Whatever the case is, the result is the similar: You do not enjoy your television viewing experience.
Why do decoders stop working? The major cause of decoder faults is power surge. In Nigeria, where power outages are frequent, power surges constitute a major threat to decoder health.
They usually occur when power restoration is accompanied by an oversupply of voltage.
This damages the decoder’s power circuit. In some cases, it goes beyond the power circuit, damaging almost the entire circuit board of the decoder. It is, however, a preventable problem.
To effectively shield your decoder from the destructive effects of power surge, you are advised to connect it to a voltage stabiliser linked to an extension cable with an in-built surge or overload protective capacity. The same treatment should be given to other appliances in your home.
For remedy, in case it has happened, take the decoder to your pay-TV provider’s outlet. There, you are certain of obtaining quality service from technicians that can fix the problem.
Another problem common to decoders is scanning difficulties. In certain situations, the decoder searches for signal on various frequencies, but fails connecting to any bouquet. This could be as a result of a change in the dish position and is rectifiable by having the dish re-aligned.
It may also occur in the event of cable disconnection between the decoder and the LNB (Low Noise Block) or a faulty LNB. The LNB is the device on the front of your dish that receives microwave signal from the satellite, amplifies it, converts it to a lower frequency band and sends it down to the decoder.
You can verify if the fault is from the decoder or the LNB by connecting another decoder to the same signal or the decoder to another verified signal.
Sometimes too, the decoder takes too long to scan and after scanning may experience picture cracks or signal disconnection on some channels.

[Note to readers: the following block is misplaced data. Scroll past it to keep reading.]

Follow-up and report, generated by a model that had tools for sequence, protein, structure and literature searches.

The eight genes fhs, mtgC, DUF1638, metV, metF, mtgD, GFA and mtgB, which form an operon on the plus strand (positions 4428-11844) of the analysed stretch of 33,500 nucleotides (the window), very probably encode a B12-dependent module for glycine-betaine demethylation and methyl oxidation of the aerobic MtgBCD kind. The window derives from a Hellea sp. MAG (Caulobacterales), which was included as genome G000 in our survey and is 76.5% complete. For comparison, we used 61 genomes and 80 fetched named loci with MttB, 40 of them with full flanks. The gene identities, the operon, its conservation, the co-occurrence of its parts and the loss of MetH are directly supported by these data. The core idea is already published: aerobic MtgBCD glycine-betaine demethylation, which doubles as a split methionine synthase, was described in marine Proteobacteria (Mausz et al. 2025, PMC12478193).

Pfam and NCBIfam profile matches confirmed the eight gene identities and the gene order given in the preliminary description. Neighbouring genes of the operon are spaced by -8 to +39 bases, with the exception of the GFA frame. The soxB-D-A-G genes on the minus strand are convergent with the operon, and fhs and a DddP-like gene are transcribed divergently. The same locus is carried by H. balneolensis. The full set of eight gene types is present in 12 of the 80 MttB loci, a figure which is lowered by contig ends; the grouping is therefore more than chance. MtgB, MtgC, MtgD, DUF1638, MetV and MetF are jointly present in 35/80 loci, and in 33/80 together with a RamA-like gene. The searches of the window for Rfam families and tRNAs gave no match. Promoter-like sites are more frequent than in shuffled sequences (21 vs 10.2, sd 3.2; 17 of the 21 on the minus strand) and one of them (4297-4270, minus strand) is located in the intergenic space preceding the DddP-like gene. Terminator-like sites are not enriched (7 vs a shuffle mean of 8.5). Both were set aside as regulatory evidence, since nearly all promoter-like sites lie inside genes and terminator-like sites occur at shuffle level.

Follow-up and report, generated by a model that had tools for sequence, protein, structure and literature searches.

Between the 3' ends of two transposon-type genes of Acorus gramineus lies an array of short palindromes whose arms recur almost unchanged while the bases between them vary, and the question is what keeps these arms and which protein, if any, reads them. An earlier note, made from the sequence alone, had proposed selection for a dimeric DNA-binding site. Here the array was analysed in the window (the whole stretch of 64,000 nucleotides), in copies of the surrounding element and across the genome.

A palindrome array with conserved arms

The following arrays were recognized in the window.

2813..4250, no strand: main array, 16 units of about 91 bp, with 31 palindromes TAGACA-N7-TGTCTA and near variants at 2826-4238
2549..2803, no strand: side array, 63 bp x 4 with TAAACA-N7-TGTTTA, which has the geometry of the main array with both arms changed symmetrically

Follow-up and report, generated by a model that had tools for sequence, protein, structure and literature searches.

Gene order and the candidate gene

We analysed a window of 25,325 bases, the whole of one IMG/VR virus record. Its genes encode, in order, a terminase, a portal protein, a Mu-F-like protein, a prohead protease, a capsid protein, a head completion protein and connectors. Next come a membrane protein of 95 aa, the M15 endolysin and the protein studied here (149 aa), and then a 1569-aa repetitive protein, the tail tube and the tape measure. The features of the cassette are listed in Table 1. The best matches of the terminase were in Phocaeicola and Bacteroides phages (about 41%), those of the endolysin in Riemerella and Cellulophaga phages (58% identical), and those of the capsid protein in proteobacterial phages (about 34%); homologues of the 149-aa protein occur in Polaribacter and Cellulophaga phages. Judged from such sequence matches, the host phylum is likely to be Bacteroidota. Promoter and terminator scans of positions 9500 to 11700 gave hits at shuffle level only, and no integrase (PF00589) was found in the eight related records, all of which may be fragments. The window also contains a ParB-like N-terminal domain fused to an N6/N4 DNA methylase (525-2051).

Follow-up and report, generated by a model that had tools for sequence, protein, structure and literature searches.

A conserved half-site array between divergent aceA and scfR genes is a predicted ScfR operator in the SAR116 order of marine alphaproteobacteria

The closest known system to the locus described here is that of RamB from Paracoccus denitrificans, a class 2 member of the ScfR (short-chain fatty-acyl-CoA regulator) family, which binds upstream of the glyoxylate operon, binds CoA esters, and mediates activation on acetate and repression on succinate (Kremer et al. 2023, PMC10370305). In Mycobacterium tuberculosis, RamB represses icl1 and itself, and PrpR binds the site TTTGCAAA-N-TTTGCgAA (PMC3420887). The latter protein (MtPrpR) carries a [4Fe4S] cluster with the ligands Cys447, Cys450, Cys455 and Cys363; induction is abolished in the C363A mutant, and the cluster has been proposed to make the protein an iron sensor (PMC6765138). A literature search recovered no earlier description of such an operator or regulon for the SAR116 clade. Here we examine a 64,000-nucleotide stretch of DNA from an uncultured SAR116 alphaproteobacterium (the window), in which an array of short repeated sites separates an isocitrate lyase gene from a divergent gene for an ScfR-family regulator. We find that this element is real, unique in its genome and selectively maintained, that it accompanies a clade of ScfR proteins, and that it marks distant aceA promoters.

This is usually associated with low signal strength to the decoder and can be rectified by dish realignment.
In some cases, such as where a single LNB signal is shared by two decoders, it can be corrected by disconnecting the other decoder.
While your decoder may scan, it could happen that it connects to fewer than usual number of bouquets it usually does.
This fault is usually a malfunction that can be corrected by executing a factory reset on the decoder.
Lastly, picture freezes or cracks.
While this had been addressed in a previous installment of this series, it is worth returning to. Image freezes or cracks usually occur because of poor signal quality.
It is prevalent during adverse weather conditions such as heavy rainfall or dense clouds. It usually clears when the sky is clear. But if it persists when the skies are clear, it may be that your dish has experienced a slight shift from adequate signal position or that strong winds have blown objects, like big leaves, in the communication path between the satellite and the LNB. This will require the intervention of an accredited installer to realign the dish in a way that it optimally receives signal from the satellite.